English mathematician, astronomer, and physicist, Sir Isaac Newton is one of the most famous scientists of all time. He is renowned for producing the single most influential book on physics ever written, The Philosophiae Naturalis Principia Mathematica, but not many people know that discovering why apples fell from trees and changing the way we understand the universe were not the only problems he dealt with…
Newton and the Counterfeiter
In 1695, The Royal Mint discovered that a large number of the UK’s circulating coins were fake. In fact, 10% of England’s coinage was known to be phony. Unable to keep up with the increasing intelligent counterfeiting methods they turned to England’s ‘brightest mind’ for help.
Sir Isaac Newton was appointed warden of The Royal Mint, with a sole purpose of enforcing laws against counterfeiting.
Most counterfeits were easy targets for Newton, but one man in particular kept eluding his grasp – William Chaloner.
Chaloner was a nail maker by trade but found a more worthwhile application for molten metals. The counterfeiter’s self-made wealth enabled him to pose in a way that matched his intellect.
Newton wanted nothing more than to finish Chaloner. He went into full detective-mode.
Newton constructed a strong case, using his network of informants and spies around London in a systematic way to form a complete representation of Chaloner’s actions. He even went undercover himself to obtain evidence from witnesses at pubs around the city. By the time the trial came, he had gathered eight witnesses.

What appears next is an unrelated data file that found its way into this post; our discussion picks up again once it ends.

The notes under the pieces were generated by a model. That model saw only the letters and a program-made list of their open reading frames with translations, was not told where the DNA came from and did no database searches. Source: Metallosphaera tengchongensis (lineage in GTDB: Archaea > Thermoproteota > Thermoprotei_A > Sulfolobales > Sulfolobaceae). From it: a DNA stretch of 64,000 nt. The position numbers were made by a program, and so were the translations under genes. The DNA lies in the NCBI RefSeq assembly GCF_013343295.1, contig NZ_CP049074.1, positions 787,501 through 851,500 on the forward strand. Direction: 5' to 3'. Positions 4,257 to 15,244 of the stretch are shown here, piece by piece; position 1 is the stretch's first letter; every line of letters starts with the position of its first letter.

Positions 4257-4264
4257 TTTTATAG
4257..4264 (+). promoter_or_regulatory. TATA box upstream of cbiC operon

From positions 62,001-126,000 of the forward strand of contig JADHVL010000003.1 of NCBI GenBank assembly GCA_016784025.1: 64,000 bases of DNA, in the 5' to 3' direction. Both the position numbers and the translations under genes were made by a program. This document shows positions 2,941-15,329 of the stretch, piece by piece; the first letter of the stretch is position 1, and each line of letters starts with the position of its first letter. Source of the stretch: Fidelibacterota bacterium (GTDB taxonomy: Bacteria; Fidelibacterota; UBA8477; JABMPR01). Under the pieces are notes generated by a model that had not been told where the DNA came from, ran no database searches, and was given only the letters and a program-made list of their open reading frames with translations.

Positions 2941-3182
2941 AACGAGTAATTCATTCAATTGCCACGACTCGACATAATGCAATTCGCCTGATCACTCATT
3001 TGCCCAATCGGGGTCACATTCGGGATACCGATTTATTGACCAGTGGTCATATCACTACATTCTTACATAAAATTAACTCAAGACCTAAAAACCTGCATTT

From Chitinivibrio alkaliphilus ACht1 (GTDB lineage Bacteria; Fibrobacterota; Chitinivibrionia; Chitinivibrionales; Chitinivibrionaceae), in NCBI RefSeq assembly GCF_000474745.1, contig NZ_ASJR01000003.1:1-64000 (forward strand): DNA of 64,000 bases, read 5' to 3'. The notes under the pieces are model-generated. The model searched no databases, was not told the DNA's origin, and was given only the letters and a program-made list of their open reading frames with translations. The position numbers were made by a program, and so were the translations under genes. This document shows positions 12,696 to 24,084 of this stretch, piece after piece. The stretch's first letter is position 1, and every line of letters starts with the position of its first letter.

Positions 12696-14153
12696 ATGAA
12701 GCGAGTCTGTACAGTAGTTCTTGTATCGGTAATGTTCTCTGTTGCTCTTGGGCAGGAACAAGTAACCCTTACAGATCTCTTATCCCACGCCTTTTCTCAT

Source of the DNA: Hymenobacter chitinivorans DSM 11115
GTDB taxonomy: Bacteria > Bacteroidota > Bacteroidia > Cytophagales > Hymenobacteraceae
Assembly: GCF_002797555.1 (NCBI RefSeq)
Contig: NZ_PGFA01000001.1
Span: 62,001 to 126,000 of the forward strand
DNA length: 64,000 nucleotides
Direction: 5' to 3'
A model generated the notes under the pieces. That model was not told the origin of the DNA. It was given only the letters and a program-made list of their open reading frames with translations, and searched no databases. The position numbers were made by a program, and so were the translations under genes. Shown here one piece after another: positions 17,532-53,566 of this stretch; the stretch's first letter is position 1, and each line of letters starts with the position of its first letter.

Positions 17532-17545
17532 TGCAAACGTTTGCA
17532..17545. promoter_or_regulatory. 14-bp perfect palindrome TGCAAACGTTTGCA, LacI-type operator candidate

The treason charge stuck – on March 3rd 1699, William Chaloner was sentenced to hang.
Later that year, Newton was made the Master of the Mint, a position he would hold until his death in 1727.
Master of the Mint
Newton took up his duties with effect from Christmas Day 1699. Immediately his active involvement in the affairs of The Royal Mint became undoubtable, he took the role very seriously before retiring from his duties at Cambridge in 1701.
He survived the political upheavals of those distressing times and in 1705 he was knighted by Queen Anne, making him just the second scientist ever to be knighted.
The first gold standard
During his role as Master of the Mint, Sir Isaac Newton wrote a report to the Lords Commissioners of His Majesty’s Treasury, as a result the relationship between gold and silver coins was forever changed by Royal proclamation at the end of 1717. It forbid the exchange of gold Guineas for more than 21 silver shillings. This meant that silver coins were being used to pay for imports, subsequently Britain saw a silver shortage – effectively moving the country from the silver standard to its first gold standard.
His Legacy to our coinage
As a result of Newton’s vision, coins struck by The Royal Mint remain unrivalled in their accuracy and purity. He helped to make Britain’s currency one of the most respected and admired in the world. As one of the most famous figures to ever hold the role of Master of the Mint and author of the single most influential book on physics ever written it is entirely appropriate he is celebrated on a UK coin.
If you’re interested…
A brand new UK 50p coin has just been issued by The Royal Mint to commemorate the 375th anniversary of Sir Isaac Newton’s birth and his outstanding legacy.
You can own one today.
Update, 27th June: It has now been confirmed that the Gold Proof Piedfort Sovereign has completely SOLD OUT at the Mint, in just 24 HOURS. It’s still available at The Westminster Collection, click here >>